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Updated 10:00 AM July 24, 2006
 

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Spotlight: Former running star returns to promote U-M to alumni

Greg Meyer was a star on U-M's mid-1970s track and cross country teams before he won the 1983 Boston Marathon—and he remains the last American man to win that event.
(Photo by Scott Galvin, U-M Photo Services)

But when his Grand Rapids home was broken into several years ago and several running keepsake items stolen, Meyer says the first things he replaced were his treasured Big Ten cross country championship rings.

After setting 10 American road racing records and two World Records, and winning several major races and earning the title of U.S. Male Distance Runner of the Year (1983), Meyer worked over 15 years for athletic shoe companies before accepting a job with U-M six and a half years ago. "Regent Emeritus Daniel Horning bumped into me at a football game and heard I was looking at jobs," Meyer says. "He asked if I had an interest in coming back to U-M. Not only did I love Ann Arbor and U-M from my days here, but my daughter had just started her freshman year here, so of course I had an interest."

Horning passed his resume to Susan Feagin, former vice president of development, who hired him. In his role as director of Major Gifts for the Greater Michigan Region, Meyer works with alumni who seek to give back to U-M. "I enjoy the process of getting people to be connected with the University," he says.

Meyer was in high school in Grand Rapids when an assistant football coach first noticed his talent for distance running. Meyer ran several hundred yards after a football practice, on a whim. "It didn't bother me," he recalls. "He says maybe you should be going out for another sport (cross country). Obviously, God smacked me with the gene that allowed me to handle endurance events."

Meyer ran for Grand Rapids West Catholic High School, then joined U-M's track and cross country teams. "My fondest running memories are around the teams I was on," Meyer says. "We won three Big Ten cross country titles in a row when I was here (1974-76), and a few track titles as well. The spirit on those teams was incredible. Being the first Michigan person to break four minutes in the mile at an indoor meet at U-M was also a thrill."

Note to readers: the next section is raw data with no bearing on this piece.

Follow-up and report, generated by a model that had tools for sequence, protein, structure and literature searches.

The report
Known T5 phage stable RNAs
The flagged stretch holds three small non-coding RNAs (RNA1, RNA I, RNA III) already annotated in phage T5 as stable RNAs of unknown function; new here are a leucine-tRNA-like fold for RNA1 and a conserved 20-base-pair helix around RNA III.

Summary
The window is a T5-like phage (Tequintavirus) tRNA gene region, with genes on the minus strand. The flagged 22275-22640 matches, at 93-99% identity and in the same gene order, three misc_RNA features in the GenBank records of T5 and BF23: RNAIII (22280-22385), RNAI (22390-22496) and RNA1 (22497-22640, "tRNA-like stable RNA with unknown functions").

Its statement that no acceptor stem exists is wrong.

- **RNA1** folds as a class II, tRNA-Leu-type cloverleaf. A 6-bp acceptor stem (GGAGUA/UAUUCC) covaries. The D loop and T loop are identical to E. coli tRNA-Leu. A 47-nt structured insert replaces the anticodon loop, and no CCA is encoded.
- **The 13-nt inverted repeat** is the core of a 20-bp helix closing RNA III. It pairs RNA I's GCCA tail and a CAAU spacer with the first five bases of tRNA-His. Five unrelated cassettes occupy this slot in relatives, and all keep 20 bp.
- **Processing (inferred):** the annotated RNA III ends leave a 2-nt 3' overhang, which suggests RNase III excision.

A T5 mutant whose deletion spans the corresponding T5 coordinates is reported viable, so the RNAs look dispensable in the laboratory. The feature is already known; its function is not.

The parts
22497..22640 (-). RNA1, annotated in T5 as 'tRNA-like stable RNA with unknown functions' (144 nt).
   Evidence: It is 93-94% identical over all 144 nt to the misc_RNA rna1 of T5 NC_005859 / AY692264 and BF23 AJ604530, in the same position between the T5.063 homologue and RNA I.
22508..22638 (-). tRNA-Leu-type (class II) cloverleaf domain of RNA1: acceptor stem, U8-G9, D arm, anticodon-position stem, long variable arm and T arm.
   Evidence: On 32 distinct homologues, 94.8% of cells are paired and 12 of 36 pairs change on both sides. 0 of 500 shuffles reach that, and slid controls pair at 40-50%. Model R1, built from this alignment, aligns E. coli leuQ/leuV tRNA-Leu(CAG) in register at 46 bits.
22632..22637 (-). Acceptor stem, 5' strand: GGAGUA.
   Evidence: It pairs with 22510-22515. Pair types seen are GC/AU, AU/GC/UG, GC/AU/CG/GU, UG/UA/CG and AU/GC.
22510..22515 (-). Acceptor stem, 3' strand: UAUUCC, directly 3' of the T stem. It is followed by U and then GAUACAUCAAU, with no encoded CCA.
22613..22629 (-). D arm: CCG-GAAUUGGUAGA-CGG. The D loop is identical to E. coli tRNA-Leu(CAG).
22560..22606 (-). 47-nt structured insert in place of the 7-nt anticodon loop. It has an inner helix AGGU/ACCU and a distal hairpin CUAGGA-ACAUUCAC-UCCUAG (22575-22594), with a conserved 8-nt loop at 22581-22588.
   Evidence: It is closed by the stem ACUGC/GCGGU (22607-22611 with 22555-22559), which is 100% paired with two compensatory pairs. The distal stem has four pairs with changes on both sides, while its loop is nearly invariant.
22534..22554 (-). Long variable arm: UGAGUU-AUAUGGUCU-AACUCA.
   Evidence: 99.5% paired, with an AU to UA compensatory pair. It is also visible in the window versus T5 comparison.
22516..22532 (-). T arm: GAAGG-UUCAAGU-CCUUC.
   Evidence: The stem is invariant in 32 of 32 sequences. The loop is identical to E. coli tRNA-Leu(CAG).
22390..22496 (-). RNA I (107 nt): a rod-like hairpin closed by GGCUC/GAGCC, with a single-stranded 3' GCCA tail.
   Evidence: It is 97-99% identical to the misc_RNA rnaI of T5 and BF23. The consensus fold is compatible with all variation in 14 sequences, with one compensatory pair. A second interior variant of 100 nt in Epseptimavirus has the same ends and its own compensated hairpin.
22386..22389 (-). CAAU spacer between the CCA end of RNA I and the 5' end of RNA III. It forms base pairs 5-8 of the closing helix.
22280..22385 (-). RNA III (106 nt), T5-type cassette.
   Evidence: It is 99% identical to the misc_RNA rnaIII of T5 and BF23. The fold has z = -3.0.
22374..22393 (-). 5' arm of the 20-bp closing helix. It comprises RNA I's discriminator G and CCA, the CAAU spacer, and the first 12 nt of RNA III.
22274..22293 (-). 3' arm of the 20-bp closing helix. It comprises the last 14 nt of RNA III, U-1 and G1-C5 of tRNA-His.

Meyer credits his coach Ron Warhurst, still U-M head track coach and cross country coach, with developing a training approach that also suited his post-college running career, as Warhurst emphasized leg speed and endurance. "The most important thing a coach does is getting his athlete to believe in his training. Ron has that gift," Meyer says.

Meyer met Bill Rodgers, four-time winner of the Boston and New York marathons, and began training with him, before winning his own Boston Marathon. He also won the 1980 Detroit Marathon, 1982 Chicago Marathon, has been inducted into the Halls of Fame for ESPN Road Racing and the Road Runners Club of America, and helped fight to win the right to earn prize money at events.

"Instead of just a few of us getting appearance money at an event, you had to earn it, much like golf or tennis," Meyer recalls. "In the long run, it acted as a detriment to the sport in that athletes became more concerned with their contracts than they did about improving or competing. It's only been the last few years where this has started to turn around."

Meyer explains that the running club-team system he enjoyed in college and in his post-colligate career—a system that countries, particularly Kenya, use to great success—inspire teammates to accomplish more. "It's that us versus them mentality that bonds a team," Meyer says. "Clubs are coming back now. You get better by training in packs."

He says another positive change has been the growth in the number of women runners, a trend that began in the 1970s. "The charity event angle has been a driving force; it's encouraged more women to participate. I believe it's been great for the sport of road running."

Today, Meyer, the father of three grown children, Nicolle, Jay and Dan, continues to run five days a week to stay healthy and because he enjoys it. He also takes pleasure in helping the Dexter High School cross country team. "The satisfaction is seeing people improve," Meyer says, adding that two former Dexter athletes now run for U-M.

His former training partner Rodgers is scheduled to be on campus Sept. 9 for the fourth annual Friends of the Program for Understanding Neurological Diseases Race for Reason run/walk benefit.

"We'll probably go fishing, " Meyer says.

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